When we arrived at the hostel, Bobby's Jungle Apartments, we were met by our friends Katrina and Rachel and proceeded to exchange student/teacher stories and travel tips. Early the next morning Becca arrived from Bangkok and our group was complete so we hopped in the songtow and set out on our jungle trek. Our guide for the day, Non, decided that the theme of the trip was "sexy." He was our "sexy guide" taking us through the "sexy park" to see the "sexy waterfalls" and "sexy elephants." I think I looked more like a hot mess than anything else, but I'll take Non's word.
|Our sexy guide: Non|
The trek was actually quite the hike through the national park and we were lucky enough to have some very close encounters with the animals. Our first spotting was an Asian Hornbill, a large and impressive bird with a 2-3 meter wingspan that made the bird sound like a helicopter taking flight when it took off through the trees. Non was psyched with our first spotting of the day and there were high-fives all around to celebrate. The next animal we crossed paths with was a gibbon family chillin' high in the treetops. We watched them play around with each other for about 20 minutes before they finally put on a show and started swinging through the trees. It was pretty fascinating to watch them turn the jungle into their personal playground, we watched until our necks were sore from looking at the sky and continued our trek.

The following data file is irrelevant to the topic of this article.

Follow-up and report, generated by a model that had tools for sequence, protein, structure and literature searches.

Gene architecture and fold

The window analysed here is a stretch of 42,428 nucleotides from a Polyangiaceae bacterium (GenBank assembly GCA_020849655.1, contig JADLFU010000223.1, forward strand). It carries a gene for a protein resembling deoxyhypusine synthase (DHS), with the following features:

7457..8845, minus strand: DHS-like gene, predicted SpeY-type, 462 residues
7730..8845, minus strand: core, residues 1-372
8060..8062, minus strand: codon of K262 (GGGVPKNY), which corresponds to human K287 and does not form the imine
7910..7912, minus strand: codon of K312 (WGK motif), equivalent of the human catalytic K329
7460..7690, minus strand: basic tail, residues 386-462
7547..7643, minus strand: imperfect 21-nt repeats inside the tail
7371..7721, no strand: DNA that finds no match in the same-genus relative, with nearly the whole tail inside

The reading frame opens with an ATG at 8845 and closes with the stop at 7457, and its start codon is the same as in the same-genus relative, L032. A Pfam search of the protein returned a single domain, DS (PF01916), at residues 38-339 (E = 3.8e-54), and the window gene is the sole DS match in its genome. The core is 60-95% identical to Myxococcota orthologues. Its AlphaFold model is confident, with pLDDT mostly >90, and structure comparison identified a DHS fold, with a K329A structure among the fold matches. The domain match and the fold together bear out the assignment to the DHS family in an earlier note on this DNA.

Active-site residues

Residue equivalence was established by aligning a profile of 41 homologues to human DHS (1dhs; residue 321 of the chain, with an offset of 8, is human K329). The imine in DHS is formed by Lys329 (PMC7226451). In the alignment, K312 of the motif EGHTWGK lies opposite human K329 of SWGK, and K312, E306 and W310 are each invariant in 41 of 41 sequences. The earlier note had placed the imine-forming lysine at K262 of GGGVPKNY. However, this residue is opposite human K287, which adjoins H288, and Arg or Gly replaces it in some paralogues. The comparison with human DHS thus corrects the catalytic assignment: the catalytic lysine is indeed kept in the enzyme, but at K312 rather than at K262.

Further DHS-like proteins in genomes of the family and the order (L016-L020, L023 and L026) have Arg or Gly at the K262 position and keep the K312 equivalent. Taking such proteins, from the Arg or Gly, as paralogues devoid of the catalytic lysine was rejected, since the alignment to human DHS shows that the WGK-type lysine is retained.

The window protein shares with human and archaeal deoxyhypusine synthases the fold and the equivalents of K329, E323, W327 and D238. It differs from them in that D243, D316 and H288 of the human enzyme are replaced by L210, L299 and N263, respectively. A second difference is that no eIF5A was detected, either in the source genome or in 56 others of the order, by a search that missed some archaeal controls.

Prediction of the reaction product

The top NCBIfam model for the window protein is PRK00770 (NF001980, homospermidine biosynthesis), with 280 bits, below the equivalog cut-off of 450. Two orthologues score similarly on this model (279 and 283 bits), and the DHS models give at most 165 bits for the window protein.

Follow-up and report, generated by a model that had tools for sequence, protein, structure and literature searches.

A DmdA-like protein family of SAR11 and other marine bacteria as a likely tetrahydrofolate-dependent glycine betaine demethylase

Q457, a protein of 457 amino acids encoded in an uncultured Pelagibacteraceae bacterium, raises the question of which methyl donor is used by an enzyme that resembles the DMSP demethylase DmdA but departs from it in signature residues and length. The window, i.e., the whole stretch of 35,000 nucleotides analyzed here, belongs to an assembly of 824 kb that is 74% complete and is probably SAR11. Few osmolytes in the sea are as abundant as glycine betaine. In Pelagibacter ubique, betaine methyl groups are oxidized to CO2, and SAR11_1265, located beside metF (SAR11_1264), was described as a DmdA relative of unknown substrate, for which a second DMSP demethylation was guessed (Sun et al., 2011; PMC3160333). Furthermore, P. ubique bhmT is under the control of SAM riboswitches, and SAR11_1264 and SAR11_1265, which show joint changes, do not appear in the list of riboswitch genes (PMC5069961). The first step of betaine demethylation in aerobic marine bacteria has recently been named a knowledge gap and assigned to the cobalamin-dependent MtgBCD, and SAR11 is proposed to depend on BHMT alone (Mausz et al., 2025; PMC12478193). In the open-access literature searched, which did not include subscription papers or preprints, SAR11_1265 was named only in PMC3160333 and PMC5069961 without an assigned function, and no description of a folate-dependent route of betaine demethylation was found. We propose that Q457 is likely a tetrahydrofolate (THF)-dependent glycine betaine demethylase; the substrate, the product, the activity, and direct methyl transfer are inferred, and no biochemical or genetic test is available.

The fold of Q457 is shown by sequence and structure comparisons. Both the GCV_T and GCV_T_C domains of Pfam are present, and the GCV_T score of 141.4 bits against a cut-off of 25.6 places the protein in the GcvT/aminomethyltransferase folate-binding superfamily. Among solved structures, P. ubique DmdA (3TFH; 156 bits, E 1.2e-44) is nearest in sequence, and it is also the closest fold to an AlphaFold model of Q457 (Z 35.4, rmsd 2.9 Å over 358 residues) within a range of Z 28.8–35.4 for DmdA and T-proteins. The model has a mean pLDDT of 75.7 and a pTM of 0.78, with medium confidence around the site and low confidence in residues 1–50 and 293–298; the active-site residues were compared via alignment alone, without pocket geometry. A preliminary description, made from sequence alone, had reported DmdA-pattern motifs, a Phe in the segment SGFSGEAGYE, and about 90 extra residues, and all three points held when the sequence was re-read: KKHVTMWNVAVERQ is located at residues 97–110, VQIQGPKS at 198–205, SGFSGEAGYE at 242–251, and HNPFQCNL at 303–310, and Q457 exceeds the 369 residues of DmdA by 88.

The next stop of the day was to a beautiful set of waterfalls that were featured in the movie "The Beach." Upon arrival at the falls we were told by a German couple that they had just had a run-in with a wild elephant off one of the paths, Non was immediately on the move and we were soon sprinting through the forest after him in an attempt to see the elephant for ourselves. When we got closer we could hear the elephant but didn't yet have a visual until we saw the treetops shaking in the distance. Rachel said it was reminiscent of the scenes in Jurassic Park when the characters see the trees shake a minute before the dinosaur comes barrelling through the forest. We had a similar experience as the elephant got closer, our only instruction from Non was to run back the way we came. We all found a spot to camp out and got some great pictures of the elephant staring us down but as soon as it got close we all took off to stay out of his path. The last thing you want is an elephant to trample you, death by elephant just doesn't have a good ring to it. I have to say spotting an elephant in the wild is so much better than riding it through the dusty streets of Ayutthaya or feeding it bananas out of the window of the bar down the street from my apartment. They are massive animals and the way they move through the forest is quite amazing.
|I spy an elephant! (photo by Rachel)|
BTW, check out a feature on my journey to Thailand with CIEE on Teaching Traveling's blog here: